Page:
The ability to produce an entire embryo from cells that normally would have contributed to only a portion of the embryo is seen in the ability of two or more early embryos to form one chimeric individual rather than twins, triplets, or a multiheaded individual. Chimeric mice can be produced by artificially aggregating two or more early-cleavage (usually 4- or 8-cell) embryos to form a composite embryo (Figure 1A). Markert and Petters (1978) have shown that three early 4-cell embryos can unite to form a common compacted morula and that the resulting mouse can have the coat colors of the three different strains. Moreover, they showed that each of the three embryos gave rise to precursors of the gametes. When a chimeric (black/brown/white) female mouse was mated to a white-furred (recessive) male, offspring of each of the three colors were produced (Figure 1B).

Figure 1

Figure 1   Production of chimeric mice. (A) Experimental procedures used to produce chimeric mice. Early 4-cell embryos of genetically distinct mice (here, with coat color differences) are isolated from mouse oviducts and brought together after their zonae are removed by proteolytic enzymes. The cells form a composite blastocyst, which is implanted into the uterus of a foster mother. The photograph shows one of the actual chimeric mice produced in this manner. (B) An adult female chimeric mouse (bottom) produced from the fusion of three 4-cell embryos: one from two white-furred parents, one from two black-furred parents, and one from two brown-furred parents. The resulting mouse has coat colors from all three embryos. Moreover, each embryo contributed germline cells, as is evidenced by the three colors of offspring (above) produced when this chimeric female was mated with recessive (white-furred) males. (A courtesy of B. Mintz; B from Markert and Petters 1978, courtesy of C. Markert.)

There is even evidence that human embryos can form chimeras (de la Chappelle et al. 1974; Mayr et al. 1979; Yu et al 2002). Some individuals have two genetically different cell types (XX and XY) within the same body, each with its own set of genetically defined characteristics. The simplest explanation for such a phenomenon is that these individuals resulted from the aggregation of two embryos, one male and one female, that were developing at the same time. If this explanation is correct, then two fraternal twins have fused to create the individual[1] (see Yu et al. 2002).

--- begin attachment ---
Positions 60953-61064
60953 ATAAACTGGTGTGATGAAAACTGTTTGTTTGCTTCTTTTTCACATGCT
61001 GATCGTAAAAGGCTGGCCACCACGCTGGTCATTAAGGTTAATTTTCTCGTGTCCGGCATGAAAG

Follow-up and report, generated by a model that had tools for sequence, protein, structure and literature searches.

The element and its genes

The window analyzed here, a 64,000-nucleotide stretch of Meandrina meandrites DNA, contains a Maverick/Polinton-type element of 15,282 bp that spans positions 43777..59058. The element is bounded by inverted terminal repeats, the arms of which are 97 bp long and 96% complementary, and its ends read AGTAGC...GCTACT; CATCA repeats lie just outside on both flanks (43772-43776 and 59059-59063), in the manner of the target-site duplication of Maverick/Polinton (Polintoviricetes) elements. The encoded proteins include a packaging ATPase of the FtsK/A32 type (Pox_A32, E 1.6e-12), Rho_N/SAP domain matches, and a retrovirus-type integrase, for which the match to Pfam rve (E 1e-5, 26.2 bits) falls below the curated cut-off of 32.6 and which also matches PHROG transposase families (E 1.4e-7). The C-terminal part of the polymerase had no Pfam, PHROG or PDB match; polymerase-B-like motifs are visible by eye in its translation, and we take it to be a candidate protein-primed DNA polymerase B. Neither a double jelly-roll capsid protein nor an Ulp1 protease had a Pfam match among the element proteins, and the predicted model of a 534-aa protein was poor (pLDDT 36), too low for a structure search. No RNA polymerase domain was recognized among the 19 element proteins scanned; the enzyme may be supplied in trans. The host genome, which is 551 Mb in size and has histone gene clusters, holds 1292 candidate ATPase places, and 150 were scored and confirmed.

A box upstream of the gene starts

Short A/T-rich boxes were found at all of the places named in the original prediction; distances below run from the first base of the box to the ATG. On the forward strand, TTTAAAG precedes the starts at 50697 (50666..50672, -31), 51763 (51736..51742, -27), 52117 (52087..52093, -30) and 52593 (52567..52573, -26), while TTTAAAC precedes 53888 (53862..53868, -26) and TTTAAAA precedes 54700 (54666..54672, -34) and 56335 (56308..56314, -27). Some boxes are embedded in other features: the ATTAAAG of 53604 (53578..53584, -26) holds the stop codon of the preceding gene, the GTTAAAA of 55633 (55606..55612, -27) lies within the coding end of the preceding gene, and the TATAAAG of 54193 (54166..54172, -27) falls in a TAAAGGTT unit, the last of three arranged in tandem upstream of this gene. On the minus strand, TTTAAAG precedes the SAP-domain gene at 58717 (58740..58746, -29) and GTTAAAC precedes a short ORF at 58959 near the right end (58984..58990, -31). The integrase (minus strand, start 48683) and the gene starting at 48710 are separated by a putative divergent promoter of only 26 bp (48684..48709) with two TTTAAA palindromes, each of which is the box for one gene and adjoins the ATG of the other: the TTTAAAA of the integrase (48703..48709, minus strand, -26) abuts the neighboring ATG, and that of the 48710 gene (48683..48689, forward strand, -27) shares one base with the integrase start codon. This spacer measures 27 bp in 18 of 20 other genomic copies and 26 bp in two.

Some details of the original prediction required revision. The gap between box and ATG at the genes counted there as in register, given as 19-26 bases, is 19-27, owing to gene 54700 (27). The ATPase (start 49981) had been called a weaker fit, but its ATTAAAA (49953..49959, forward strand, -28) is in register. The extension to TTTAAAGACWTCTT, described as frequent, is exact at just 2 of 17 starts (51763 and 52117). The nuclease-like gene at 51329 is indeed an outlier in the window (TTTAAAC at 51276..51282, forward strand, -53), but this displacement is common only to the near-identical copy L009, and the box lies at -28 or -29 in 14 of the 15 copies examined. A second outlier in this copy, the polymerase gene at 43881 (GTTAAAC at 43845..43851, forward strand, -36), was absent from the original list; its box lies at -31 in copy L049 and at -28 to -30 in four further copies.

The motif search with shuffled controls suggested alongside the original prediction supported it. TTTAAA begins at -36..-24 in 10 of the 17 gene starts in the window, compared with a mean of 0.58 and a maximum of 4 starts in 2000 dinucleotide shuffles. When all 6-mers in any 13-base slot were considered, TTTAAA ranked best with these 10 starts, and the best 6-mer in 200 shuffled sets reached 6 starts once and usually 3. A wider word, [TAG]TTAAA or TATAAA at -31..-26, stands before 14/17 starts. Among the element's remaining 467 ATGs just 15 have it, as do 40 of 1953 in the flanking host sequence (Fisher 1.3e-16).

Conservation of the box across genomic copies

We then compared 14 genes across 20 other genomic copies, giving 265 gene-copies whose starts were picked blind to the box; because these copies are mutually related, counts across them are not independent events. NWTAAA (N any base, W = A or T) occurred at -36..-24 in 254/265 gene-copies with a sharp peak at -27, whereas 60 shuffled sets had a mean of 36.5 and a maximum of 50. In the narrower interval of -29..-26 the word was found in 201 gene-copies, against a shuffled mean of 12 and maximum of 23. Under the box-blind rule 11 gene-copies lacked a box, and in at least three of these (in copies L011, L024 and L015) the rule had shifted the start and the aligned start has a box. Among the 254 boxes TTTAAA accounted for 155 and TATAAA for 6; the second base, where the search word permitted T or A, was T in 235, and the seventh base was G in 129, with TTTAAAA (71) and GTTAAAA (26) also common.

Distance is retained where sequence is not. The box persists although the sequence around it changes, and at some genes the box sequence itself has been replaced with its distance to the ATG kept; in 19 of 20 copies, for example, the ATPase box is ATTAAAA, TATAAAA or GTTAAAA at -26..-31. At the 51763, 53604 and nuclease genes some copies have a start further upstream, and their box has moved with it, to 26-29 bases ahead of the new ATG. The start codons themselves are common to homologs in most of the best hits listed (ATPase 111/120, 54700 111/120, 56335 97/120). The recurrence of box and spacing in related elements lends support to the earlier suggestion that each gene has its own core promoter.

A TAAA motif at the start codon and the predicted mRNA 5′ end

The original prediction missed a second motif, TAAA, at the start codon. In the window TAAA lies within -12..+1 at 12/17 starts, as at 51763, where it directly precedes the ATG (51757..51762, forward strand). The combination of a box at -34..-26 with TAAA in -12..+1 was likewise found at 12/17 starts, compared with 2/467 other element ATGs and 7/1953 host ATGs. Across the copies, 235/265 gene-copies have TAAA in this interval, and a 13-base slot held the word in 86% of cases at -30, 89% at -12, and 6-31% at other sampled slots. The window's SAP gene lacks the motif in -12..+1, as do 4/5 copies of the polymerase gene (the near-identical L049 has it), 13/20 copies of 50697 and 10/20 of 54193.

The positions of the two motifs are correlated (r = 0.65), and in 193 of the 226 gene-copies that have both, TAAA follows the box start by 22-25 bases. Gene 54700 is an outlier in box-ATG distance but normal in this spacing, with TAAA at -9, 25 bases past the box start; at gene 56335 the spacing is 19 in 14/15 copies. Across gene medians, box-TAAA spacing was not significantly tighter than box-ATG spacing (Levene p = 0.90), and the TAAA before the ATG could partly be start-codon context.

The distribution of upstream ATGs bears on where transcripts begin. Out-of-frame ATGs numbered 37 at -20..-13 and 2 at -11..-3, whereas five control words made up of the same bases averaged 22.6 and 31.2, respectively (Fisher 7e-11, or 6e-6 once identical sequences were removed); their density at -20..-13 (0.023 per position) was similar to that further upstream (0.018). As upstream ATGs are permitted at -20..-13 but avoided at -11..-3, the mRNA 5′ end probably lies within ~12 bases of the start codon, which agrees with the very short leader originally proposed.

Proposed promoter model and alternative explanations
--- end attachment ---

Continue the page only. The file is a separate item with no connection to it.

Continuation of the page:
1. There are other explanations, at least for some chimeras. Souter and colleagues (2007) have shown that in at least one XX/XY human the maternal alleles were identical and the paternal alleles differed. This would be expected if the egg underwent parthenogenic activation (meiosis without sperm activation) and each of the meiotic cells was then fertilized by a different sperm (one bearing an X chromosome, one a Y). The intermingling of the cells would produce the chimera, which in the case recounted by Souter et al. was a true hermaphrodite, having both male and female sex organs (see Chapter 6). We still do not know the mechanisms through which human twins and chimeras form.

Literature Cited

de la Chappelle, A., J. Schröder, P. Rantanen, B. Thomasson, M. Niemi, A. Tilikainen, R. Sanger and E. E. Robson. 1974. Early fusion of two human embryos? Ann. Hum. Genet. 38: 63–75.
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Markert, C. L. and R. M. Petters. 1978. Manufactured hexaparental mice show that adults are derived from three embryonic cells. Science 202: 56–58.
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Mayr, W. R., V. Pausch and W. Schnedl. 1979. Human chimaera detectable only by investigation of her progeny. Nature 277: 210–211.
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Souter, V. L. and 9 others. 2007. A case of true hemaphroditism reveals an unusual mechanism of twinning. Hum. Genet. 121: 179–185.
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Yu, N. and 11 others. 2002. Disputed maternity leading to identification of tetragametic chaemerism. N. Eng. J. Med. 346: 1545–1552.
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